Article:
Gabrielle Union’s production company, I’ll Have Another Productions, optioned one of the best memoirs by George Johnson called “All Boys Aren’t Blue” to sell as a television series with Sony Pictures. The memoir takes its readers through the author’s – who’s an LGBTQ+ activist – childhood and adolescence in Plainfield, NJ. It also describes his collegiate years at an HBCU (Historically Black College or University) in Virginia. Published on April 28, 2020, by Macmillan, the title of the memoir acts as a nod to the author’s father who was a cop. It’s also a play on the heteronormative associations of the color blue being for boys and pink being for girls.
Furthermore, in his book, Johnson details his experience with bullying in the neighborhood he grew up in. Moreover, he includes his first sexual experience and the loving relationship he had with his grandmother. The book also grapples with issues of gender identity, growing up under the duality of being black and queer, consent, toxic masculinity, and black joy. Having this book optioned for a television series is a great way to elevate black queer voices. Also, it helps to have their stories heard in their true form and told on large, wide-reaching platforms such as TV and film. Johnson has stated that he wrote the memoir to “make sure the next generation of black queer children had something they could relate to and connect with.” However, Johnson’s memoir isn’t the only one that tackles black LGBTQ+ issues.
So, here are 5 black LGBTQ+ memoirs that can help many black queer children feel seen and heard:
1. “No Ashes In the Fire: Coming of Age Black and Free in America” by Darnell Moore (2018)
A winner of the 2019 Lambda Literary Award for Best Gay Memoirs and a 2018 New York Times Notable Book of the Year, Darnell Moore’s book tells the story of reckoning with family, death, and what it means to be free. At the age of 14, the author barely escaped death after being set on fire by three boys from his neighborhood. The book tells the story of hope that comes after such a horrific experience. It takes readers through his journey of finding his calling upon rising from the ashes of oppression and racism. Readers will learn about owning the complexities of one’s identity, forgiveness, and exploration of the self.
2. “The Stars and the Blackness Between Them” by Juanada Petrus (2019)
This memoir tells the story of a young Trinidadian girl, Audre. She was sent to live in Minneapolis upon her mother’s discovery of her relationship with Mabel, the pastor’s daughter. Told from the different perspectives of Audre and Mabel, the story takes you through the journey of two black girls from very different backgrounds. They both try to find love and happiness in a world that’s determined to deny them both. Winning many honors, the book expertly mixes Afro Spiritualism and poetry to tell a story that helps queer black girls and their families feel seen. Readers will find the rich Afro-Caribbean cultural context enjoyable and the conversations that the book can spur interesting.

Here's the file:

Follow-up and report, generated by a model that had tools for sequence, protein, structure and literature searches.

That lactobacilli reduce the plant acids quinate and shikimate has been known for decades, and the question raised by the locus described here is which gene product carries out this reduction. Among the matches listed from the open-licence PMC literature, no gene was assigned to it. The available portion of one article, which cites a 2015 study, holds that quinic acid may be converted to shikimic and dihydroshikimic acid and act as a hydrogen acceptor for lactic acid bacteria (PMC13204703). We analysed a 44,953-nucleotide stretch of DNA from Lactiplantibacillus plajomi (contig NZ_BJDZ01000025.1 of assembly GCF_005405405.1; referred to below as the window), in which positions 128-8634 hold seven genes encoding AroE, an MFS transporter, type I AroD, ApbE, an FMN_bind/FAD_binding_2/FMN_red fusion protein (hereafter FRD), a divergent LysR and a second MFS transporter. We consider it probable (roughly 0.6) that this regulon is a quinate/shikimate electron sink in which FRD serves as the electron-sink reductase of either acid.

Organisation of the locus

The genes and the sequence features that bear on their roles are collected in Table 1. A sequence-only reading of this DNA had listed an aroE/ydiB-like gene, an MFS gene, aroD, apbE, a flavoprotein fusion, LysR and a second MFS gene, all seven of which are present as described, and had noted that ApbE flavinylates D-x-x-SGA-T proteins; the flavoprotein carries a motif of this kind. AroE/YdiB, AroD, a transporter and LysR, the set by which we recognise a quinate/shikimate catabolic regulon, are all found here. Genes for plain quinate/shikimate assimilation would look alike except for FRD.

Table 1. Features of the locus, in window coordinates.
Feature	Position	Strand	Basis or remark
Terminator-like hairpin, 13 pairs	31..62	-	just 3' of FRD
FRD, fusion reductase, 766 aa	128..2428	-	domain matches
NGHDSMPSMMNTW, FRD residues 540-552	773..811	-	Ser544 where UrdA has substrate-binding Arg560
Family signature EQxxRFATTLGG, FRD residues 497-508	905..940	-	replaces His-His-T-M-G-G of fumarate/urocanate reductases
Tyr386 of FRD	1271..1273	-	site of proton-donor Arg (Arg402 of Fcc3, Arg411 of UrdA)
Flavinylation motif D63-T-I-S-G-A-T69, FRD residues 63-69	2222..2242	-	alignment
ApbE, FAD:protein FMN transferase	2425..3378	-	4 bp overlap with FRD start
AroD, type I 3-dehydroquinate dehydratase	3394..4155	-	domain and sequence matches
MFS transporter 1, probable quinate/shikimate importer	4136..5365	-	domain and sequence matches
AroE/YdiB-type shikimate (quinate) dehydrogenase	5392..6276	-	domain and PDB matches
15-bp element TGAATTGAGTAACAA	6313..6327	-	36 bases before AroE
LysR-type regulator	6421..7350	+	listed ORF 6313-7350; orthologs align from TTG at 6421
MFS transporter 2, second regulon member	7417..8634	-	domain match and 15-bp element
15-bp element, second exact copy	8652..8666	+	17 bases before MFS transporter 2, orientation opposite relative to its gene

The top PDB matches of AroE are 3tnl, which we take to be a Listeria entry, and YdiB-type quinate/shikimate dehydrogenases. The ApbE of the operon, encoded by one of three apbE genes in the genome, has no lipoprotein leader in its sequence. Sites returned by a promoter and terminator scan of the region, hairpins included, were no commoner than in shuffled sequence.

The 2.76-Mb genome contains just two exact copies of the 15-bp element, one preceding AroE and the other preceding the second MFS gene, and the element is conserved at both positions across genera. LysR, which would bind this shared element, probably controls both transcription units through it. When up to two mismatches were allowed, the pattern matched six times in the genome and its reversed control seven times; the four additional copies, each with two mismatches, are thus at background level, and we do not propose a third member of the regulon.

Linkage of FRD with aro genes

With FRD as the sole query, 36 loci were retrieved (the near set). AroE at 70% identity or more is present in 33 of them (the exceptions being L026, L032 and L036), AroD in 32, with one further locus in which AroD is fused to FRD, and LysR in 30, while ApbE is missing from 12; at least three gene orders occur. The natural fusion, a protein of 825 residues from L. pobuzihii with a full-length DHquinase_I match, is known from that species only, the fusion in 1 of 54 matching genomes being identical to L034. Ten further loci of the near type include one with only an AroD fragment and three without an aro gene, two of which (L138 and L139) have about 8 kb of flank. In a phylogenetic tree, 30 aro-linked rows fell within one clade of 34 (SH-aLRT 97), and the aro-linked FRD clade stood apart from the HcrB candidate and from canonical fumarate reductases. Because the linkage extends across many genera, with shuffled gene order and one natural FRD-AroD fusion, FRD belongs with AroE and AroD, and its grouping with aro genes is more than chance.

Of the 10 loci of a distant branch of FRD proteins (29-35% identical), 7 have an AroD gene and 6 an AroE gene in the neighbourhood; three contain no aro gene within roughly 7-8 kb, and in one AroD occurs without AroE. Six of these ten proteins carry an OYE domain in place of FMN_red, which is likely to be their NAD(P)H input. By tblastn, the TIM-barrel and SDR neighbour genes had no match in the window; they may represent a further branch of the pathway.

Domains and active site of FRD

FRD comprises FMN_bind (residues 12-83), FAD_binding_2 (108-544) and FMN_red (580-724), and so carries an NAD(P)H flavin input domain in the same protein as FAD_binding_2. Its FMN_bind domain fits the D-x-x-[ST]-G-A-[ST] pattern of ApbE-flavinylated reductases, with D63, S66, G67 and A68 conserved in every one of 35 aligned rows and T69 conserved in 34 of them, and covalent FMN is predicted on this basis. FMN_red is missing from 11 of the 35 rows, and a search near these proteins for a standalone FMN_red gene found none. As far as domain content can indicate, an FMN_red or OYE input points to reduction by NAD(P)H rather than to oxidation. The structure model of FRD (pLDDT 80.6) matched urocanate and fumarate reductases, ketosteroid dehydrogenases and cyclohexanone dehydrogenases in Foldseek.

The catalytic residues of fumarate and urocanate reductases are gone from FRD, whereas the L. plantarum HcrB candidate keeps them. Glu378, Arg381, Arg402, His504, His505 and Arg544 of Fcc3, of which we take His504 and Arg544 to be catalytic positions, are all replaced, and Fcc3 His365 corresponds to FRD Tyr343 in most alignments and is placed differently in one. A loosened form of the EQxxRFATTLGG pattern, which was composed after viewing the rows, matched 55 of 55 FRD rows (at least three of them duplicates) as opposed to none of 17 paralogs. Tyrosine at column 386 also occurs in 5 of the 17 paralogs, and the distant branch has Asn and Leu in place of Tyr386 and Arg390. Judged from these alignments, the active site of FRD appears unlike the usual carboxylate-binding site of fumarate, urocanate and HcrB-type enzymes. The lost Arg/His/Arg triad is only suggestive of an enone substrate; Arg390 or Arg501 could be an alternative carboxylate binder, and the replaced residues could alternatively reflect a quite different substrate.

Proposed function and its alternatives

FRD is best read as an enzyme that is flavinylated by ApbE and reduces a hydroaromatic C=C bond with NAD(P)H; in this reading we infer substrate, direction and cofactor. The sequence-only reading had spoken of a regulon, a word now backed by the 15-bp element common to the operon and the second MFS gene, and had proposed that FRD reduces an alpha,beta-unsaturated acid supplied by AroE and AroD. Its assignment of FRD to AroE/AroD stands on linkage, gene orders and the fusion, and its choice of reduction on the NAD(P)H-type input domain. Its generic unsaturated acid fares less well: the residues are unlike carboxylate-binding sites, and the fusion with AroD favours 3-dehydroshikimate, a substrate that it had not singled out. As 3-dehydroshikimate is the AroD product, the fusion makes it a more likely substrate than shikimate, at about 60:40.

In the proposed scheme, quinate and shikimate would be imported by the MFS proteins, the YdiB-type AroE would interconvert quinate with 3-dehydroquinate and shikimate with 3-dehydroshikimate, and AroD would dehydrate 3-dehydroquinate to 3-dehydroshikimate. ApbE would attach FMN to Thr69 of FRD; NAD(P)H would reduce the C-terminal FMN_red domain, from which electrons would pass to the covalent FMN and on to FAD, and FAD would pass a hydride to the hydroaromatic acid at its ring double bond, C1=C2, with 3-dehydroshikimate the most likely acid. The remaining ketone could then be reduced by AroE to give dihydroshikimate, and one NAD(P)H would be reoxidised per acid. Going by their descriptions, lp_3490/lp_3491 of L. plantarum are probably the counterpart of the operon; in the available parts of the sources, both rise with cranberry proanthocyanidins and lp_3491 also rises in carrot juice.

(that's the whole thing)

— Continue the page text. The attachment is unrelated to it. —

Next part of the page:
3. “The Summer We Got Free” by Mia McKenzie (2012)
A ghost story and family drama, the book explores heavy topics such as love, lust, desire, and grief. The book follows the trials of the Delaney family starting in the summer of 1976 and spans over the course of two decades. Marriages, death, and losses serve as the focal points of the story. Ava Delaney, at one time a wild young girl and brilliant artist, is the main character. She undergoes profound changes after a violent event rocks her family and their relationship to the church. Readers will find the journey of the Delaneys luminous, sad, and redemptive simultaneously.
4. “A Visitation of Spirits: A Novel” by Randall Kenan (2000)
This novel tells the story of a 16-year-old Horace Cross, a descendant of slaves and deacons of the church who spends nights wrestling with confusion over who he is and the demons that take over his brief life. Intelligent and popular, he grapples with his attraction to other young men and his yearning to escape the narrowness of Tim’s Creek. This book gives voice to the unvarnished truth of blackness and homosexuality. All while weaving in the ways that generational hope can affect a young black boy. This story is accessible to those who are black and gay as well as those who are neither.
5. “How We Fight for Our Lives: A Memoir” by Saeed Jones (2019)
Selected as one of the New York Times 100 Most Notable Books of 2019 and the winner of many awards, Jones’ memoir tells the story of a young gay black man in the South trying to find his place in the world. Taking readers through his tumultuous familial relationships, the author examines race, queerness, self-exploration, and love. The book explores who and what we shed to become who we are ultimately meant to be, making it accessible to both queer individuals and those who enjoy reading raw, emotional books.
Overall, one way to show support for the black LGBTQ+ community is by reading the stories in the memoirs they tell. Choose to make their stories heard so that other black queer individuals can be heard and feel less alone in the struggles they face. Lifting queer voices during Pride month and beyond is imperative to ensuring progress and acceptance.
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